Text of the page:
Dec 7, 2018 15:48 UTC
Dec 10, 2018 at 12:22 UTC
Mastercard’s New Patent Aims To Make Blockchain Transactions Anonymous
Mastercard has been patenting new blockchain solutions left and right, for quite some time now. Previously, they have filed patents to apply fiat banking principles to crypto, multicurrency blockchain, allow bitcoin transactions on credit cards and many more.
The latest patent that they have filed with the United States Patent and Trademark Office (USPTO) is for a method of anonymizing transactions completed on a blockchain platform. It aims to tackle the issue of anonymity when it comes to blockchain.
The patent cites that “the use of one or more intermediary addresses to obscure the source and destination of funds in a blockchain transaction” will “increase anonymity of entities associated with blockchain addresses.”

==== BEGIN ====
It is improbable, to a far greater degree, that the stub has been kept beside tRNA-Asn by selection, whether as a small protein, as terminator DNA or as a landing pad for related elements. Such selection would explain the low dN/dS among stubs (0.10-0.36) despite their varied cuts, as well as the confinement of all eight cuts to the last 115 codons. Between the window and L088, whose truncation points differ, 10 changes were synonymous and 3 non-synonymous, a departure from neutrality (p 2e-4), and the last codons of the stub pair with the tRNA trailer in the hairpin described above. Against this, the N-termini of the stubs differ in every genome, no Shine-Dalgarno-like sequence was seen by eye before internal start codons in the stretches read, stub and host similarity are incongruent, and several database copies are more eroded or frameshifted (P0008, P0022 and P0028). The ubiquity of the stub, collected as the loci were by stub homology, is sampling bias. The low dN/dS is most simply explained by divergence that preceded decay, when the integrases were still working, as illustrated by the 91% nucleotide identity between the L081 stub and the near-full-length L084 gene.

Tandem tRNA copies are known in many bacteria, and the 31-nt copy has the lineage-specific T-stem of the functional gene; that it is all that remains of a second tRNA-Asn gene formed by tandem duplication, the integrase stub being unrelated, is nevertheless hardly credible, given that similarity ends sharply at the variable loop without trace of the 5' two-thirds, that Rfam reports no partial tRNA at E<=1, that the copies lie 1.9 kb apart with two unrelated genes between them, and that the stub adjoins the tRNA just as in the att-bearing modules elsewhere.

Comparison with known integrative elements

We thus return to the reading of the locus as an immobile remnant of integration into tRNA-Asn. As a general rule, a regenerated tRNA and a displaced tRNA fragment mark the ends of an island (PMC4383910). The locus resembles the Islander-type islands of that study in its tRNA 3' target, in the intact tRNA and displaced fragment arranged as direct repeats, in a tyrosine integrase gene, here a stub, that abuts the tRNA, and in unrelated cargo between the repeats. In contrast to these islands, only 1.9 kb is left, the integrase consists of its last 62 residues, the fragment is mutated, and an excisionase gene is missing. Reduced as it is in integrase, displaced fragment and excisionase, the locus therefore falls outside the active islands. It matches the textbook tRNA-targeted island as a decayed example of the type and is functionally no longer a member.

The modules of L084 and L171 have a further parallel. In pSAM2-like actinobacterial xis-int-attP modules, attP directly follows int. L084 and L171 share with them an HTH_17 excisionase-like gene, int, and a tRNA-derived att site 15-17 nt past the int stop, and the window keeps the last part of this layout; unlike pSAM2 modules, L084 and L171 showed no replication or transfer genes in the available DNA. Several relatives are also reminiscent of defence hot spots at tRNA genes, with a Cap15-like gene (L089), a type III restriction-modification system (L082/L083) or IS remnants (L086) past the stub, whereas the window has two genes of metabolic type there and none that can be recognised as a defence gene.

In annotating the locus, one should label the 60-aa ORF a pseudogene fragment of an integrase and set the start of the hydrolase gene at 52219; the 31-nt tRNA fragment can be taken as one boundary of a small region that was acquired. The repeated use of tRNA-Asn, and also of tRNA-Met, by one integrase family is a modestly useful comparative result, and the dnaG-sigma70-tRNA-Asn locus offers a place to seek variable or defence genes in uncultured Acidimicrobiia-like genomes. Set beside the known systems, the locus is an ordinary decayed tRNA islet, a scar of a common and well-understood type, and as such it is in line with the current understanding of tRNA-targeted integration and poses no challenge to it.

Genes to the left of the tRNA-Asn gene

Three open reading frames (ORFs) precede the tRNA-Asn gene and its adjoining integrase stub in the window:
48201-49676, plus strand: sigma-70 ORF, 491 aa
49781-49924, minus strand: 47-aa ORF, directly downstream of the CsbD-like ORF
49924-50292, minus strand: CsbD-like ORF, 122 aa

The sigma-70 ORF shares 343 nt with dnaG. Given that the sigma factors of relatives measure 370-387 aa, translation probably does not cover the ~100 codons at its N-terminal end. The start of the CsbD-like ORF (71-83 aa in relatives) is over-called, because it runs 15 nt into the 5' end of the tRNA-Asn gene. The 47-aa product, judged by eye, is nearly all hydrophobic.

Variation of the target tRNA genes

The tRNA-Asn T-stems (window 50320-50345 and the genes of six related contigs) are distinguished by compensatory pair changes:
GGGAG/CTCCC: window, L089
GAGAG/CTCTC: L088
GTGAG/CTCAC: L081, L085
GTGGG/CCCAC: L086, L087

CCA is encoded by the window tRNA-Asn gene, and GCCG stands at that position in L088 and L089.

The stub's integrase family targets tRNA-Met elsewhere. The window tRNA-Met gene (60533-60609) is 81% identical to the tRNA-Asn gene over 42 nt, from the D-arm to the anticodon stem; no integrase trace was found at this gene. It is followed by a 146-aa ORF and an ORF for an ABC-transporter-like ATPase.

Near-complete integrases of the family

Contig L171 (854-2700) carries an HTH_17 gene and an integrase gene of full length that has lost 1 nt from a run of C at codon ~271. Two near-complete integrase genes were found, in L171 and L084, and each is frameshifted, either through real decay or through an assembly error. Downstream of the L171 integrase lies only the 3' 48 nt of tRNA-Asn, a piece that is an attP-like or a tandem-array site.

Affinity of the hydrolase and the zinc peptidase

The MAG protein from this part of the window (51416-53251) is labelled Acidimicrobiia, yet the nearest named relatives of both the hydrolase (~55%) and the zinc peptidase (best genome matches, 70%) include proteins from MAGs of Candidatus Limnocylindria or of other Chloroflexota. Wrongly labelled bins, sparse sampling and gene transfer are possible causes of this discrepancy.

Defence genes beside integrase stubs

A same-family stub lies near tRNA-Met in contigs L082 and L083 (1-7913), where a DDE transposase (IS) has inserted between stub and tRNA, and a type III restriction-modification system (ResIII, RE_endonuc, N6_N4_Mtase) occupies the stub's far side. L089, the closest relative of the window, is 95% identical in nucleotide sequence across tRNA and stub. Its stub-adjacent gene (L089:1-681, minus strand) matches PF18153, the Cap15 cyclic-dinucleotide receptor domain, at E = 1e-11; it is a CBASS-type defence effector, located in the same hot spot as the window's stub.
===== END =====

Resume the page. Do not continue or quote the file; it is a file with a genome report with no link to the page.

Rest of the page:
(Read more about: Blockchain technology)
If anyone is worried about accountability and security issues, Mastercard reiterates that the nature of the blockchain is such that it is an immutable ledger and hence every transaction can be traced and followed back to the genesis block.
The company stated that they wish to make the transaction anonymous, and not just the user who is behind it. In that context they have stated that:
“The existing communications and attribution structure of blockchain technology such as Bitcoin require identification of where the transactions are emanating and terminating, in order to maintain the ledger. This creates a technical problem of competing interests within the technology.”
Mastercard is not the only company which is looking to solve the anonymity issue of Blockchain. Zcash(ZEC) and Monero(XMR) have also been designed with similar concerns in mind.
Back in June, Mastercard had filed for a blockchain related patent to verify the authenticity of consumer coupons, titled “Method and System for Authentication of Coupons via Blockchain.” Since then, they have come a long way in terms of experimenting with the technology and filing blockchin based patents.
(Read more about: Blockchain Scalability)